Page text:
Aug 13 17

God’s Providence in a Child’s Conversion


John Flavel has long been one of my favorite Puritan authors and his masterpiece on God’s providence is one of the first of his books I read. Providence is a very important concept in scripture as it describes how God works all things after the counsel of will and knows how each detail of His creation works together for the blessings of His children. In other words, providence comprehends more than the predestination of God’s people to salvation. It considers His total control of all His creatures to bring about His sovereign purposes. Among its many properties is the confirmation that all things consist by the power of God and that no creature is self-sustaining.

In chapter 3 of Flavel’s book, he deals with God’s providence in salvation. Flavel seems enraptured as he expounds on the way God orders all the occasions that bring His people to belief in Him. There are no accidents in our conversion. Each step is carefully planned by God. Of all the good God does for us, nothing compares to His meticulous care to bring us to salvation.

The point of this chapter is the gratitude and the testimony of a Christian because of what Christ has done. And yet Flavel points out that all testimonies are not equal. All experiences of conversion are not the same. Every Christian does not tell the same story or give as much detail in relating what happened in their lives at the time God saved them.

This interested me because I have experienced exactly what Flavel describes. I was saved when I was very young. My father was a Baptist preacher and I grew up in a Christian home. The first place I was taken as a child was to church. My name appeared on the cradle roll of South Broadway Baptist Church when I was just a few days old. There has never been I time when I have not been in church, and at the age of seven I trusted Christ as Saviour. Believe me, that was a long time ago.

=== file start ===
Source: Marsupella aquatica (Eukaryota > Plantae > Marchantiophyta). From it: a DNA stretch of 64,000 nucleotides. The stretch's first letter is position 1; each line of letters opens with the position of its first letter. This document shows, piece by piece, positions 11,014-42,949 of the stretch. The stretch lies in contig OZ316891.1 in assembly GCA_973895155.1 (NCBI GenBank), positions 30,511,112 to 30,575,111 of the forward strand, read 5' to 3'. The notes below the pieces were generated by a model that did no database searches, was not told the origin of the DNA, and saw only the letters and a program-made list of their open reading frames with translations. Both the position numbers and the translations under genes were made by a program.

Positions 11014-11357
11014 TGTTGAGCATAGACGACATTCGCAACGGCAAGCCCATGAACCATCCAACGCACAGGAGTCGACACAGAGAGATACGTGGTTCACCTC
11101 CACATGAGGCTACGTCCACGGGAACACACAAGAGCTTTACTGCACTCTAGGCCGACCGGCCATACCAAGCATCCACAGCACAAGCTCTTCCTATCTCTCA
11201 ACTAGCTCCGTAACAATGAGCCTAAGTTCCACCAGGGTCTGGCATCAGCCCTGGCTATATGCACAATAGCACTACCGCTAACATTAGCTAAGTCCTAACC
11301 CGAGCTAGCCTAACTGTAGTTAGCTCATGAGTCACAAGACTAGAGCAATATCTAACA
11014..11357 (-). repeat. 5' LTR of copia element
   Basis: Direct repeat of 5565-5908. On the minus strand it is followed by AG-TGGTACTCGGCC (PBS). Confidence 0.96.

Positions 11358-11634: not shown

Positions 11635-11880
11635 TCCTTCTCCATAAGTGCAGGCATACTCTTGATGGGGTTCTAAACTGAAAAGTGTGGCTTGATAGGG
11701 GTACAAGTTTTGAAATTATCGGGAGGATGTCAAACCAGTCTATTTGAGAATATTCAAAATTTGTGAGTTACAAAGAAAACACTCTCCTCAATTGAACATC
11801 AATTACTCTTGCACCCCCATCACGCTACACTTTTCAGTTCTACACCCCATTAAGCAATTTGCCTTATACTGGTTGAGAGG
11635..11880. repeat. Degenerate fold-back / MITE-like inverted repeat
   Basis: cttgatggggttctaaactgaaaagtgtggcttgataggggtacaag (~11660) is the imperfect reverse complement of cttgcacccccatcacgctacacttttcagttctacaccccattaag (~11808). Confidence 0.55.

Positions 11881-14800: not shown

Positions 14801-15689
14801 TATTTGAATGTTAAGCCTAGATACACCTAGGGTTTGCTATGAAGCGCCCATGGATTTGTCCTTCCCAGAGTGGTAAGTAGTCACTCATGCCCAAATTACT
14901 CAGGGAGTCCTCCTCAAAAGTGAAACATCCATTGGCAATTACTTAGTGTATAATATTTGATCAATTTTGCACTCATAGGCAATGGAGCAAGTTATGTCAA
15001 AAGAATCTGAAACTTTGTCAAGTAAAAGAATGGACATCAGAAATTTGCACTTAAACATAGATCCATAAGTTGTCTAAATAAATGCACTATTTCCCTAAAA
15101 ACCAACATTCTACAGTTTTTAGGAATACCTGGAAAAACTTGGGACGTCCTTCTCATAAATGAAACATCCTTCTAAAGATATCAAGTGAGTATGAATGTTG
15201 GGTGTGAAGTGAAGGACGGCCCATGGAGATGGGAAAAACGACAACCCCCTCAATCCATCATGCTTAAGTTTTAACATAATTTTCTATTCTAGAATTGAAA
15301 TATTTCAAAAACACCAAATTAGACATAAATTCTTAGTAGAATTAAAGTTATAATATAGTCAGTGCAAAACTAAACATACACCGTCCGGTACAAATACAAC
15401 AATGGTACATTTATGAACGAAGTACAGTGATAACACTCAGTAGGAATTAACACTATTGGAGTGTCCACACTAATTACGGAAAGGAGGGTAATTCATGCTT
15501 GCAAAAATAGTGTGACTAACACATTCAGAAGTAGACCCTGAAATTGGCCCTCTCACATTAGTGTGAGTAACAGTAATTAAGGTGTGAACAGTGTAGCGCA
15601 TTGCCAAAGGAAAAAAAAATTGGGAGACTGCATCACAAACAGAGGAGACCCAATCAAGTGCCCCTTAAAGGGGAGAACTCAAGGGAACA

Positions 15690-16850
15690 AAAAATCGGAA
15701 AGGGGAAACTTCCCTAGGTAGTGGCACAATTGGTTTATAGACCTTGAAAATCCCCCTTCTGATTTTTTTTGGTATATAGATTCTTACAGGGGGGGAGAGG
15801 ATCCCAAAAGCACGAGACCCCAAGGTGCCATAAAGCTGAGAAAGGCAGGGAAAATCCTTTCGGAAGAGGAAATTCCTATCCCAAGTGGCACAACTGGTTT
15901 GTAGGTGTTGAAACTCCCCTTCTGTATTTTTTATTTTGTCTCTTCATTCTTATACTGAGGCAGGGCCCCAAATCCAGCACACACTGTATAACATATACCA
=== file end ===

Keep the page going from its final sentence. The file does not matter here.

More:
If you ask me to provide the details of my conversion, to tell you the sermon, the songs, to relate what happened afterwards, to tell you how I felt—I cannot. I do remember the conviction, but that is all. Because I can’t remember the details, does it mean I am not saved? Surprisingly, I have heard preachers say if you don’t know the day, the hour, and the minute you trusted Christ, then you aren’t really saved.

Your experience of coming to Christ may be different. I have heard many testimonies of people who were in deep sin when they were saved. Some were in drugs, alcohol, adultery, pornography—and each has a very clear recollection of the day God brought them out of those horrible lives of sin. And there lies the difference. I was young and had very little life experiences. I needed salvation as much as anyone, but I don’t have that riveting, interesting, enthralling story that causes people to shout, Praise God! I don’t believe anyone ever said ooh and ah at my testimony.

Here is the point. An exciting testimony is no more proof a person is saved than a dull, vague, boring memory of a child who came to know Christ. In fact, you should pray to God every day that your children end up with a boring story of conversion rather than a spectacular turnaround. When a child is saved, it is the most exciting salvation of all.


Pastor V. Mark Smith